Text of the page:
By Kevin Werner, News Staff
The city of Hamilton has agreed to purchase the open space property on Creekside Drive, which had been proposed for a 67-unit condominium development, and convert it into a public park.
“There is a willingness to make this happen,” saidDundascouncillor Russ Powers, who helped orchestrate the complicated agreement among the parties. “People are chomping at the bit for this. The owners of the land are pleased about it.”
Councillors this year turned down a proposal from the owners, Alterra (SpencerCreek) Ltd., to allow official plan and zoning bylaw amendments, for a seven-storey residential development at2555 Creekside Drive. Politicians at the time sided with area residents who argued there had been an agreement to develop the site as a low-rise recreational or clubhouse building, with a minimum of 2,000-square-feet of open space. City planning staff had recommended the amendments. The site remained zoned for parks and recreation.
Politicians agreed to the deal after the Oct. 10 council meeting.
Alterra appealed council’s decision to the Ontario Municipal Board. A preliminary hearing is scheduled for Nov. 5 at 50 Main Street E.in downtownHamilton.
The OMB hearing, though, could be scuttled, with a deal in place. Powers, and city staff after negotiating with Alterra representatives, and residents of the area condominium owners, including Amica, the property will become a park for the community.
“It works for the neighbourhood,” said Robert Cooper, president of Alterra. “We are fine with the outcome. We think it’s fair.”
The city didn’t release how much it will pay for the property. But Powers said the funds will come from his ward budget.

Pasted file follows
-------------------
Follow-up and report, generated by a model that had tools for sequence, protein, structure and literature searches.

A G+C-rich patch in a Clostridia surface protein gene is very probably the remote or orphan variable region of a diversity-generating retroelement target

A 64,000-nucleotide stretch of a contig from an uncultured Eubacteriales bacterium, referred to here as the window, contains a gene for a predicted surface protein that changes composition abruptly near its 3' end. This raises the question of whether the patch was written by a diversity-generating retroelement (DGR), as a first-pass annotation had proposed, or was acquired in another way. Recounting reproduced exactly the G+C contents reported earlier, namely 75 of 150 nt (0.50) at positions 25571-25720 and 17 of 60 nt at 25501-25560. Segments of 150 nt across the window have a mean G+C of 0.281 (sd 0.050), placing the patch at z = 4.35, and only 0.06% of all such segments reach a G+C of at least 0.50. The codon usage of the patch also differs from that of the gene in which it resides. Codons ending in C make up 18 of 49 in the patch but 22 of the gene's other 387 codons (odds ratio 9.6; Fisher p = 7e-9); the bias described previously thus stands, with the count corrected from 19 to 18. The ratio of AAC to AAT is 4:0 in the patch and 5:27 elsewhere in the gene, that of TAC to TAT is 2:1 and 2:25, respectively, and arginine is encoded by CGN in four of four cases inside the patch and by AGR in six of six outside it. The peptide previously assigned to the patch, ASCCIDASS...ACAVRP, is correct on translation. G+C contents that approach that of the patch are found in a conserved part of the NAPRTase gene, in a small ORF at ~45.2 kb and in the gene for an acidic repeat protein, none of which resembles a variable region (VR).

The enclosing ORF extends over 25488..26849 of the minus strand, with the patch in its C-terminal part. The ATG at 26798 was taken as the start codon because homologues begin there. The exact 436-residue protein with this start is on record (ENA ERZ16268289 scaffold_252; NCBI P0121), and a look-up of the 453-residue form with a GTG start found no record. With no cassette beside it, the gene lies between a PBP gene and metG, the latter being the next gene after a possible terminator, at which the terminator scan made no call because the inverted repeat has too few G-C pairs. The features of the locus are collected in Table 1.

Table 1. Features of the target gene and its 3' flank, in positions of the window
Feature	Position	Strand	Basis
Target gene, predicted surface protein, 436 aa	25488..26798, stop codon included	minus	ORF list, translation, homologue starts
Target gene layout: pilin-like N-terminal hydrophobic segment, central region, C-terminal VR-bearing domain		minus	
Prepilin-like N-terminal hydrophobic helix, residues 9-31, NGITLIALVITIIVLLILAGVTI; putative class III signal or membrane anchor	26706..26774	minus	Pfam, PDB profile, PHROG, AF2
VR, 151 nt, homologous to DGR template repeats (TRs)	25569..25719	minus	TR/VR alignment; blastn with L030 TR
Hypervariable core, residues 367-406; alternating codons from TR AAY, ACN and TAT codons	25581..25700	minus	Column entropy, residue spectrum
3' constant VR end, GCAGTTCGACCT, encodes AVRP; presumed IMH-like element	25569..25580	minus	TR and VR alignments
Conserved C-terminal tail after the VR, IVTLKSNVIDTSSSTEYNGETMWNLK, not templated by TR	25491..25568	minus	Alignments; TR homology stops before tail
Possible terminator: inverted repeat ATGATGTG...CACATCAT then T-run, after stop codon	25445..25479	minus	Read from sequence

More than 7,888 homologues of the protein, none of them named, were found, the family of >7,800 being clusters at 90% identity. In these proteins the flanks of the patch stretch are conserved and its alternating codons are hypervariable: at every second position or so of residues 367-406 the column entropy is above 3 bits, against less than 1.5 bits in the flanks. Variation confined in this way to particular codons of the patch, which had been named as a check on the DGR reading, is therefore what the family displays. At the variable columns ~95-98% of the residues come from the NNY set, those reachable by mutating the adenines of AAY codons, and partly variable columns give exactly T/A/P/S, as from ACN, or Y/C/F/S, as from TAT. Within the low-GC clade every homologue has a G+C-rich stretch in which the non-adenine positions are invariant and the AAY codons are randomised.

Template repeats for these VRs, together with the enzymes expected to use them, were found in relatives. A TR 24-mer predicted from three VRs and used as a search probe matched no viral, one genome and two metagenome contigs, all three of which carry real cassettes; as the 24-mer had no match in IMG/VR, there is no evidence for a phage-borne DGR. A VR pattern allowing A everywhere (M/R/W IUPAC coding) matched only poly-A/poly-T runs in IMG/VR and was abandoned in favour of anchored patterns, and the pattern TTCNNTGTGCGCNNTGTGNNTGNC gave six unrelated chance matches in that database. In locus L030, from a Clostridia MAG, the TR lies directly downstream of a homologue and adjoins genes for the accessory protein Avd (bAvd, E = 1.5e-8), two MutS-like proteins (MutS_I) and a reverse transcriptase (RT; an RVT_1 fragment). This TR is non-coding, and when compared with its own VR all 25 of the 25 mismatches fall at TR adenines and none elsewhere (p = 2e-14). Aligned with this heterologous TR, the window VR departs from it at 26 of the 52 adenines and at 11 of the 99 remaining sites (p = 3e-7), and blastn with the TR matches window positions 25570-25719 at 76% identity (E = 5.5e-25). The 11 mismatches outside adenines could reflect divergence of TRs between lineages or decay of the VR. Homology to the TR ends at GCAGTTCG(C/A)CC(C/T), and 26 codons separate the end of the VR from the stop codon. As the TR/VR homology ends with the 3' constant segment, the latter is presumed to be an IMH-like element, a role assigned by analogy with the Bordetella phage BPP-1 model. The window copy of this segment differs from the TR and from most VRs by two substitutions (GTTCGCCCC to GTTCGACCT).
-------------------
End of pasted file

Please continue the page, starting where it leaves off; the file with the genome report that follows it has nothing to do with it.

“It’s a very fair price,” said Powers.
He said the price for the property will remain confidential until the deal can be finalized later this year.
While the city will buy the land, local residents have agreed to transform the property into a public park. Powers said it could cost about $300,000 in capital funds, to install playground equipment and benches, plant mature trees, build trails, and walking paths. Powers would like to see the park completed in 2013.
“I think it is a very, very positive result,” said Larry Button, the spokesperson for the area residents. He said people in the four existing condo units, plus Amica, which total over 600 residents, have agreed to raise the money for the project.
“We are looking at different models, such as the Hockeyville’s legacy project,” he said. “(The park) has to serve the entire community. But the design will be senior friendly.”
Ideas to raise the money include submitting a grant application to the Trillium Foundation, and receiving in-kind contributions.
Cooper said he was willing to take the decision to the OMB, believing it was good planning for the area. He had already put in a lot of work, and money for designs, to construct the development.
Residents in the area, though, objected to the intense development, which they believed would affect their lives.
“This is not a NIMBY issue for any of us,” said Button, who used to work in municipal government. “This was about what constituted good planning. This is a once-in-a-lifetime opportunity to get it right.”
He said the original vision of the property to have a low-rise recreation or club house building with green space would have “benefitedDundasandHamilton,” he said.
After council’s rejection of the plan, there was an attempt by city officials to see if Alterra would be interested in a land swap, but no other parcels of land were suitable for the company. Then city staff talked about purchasing the property.
“Powers helped to broker the deal,” said Cooper. “This would not have happened without him.”
Powers said city studies have revealedDundashas a lack of green space within its downtown area. TheCreekside Driveland, then, will be “perfect” for the community, said Powers.
“It makes all kinds of sense,” he said.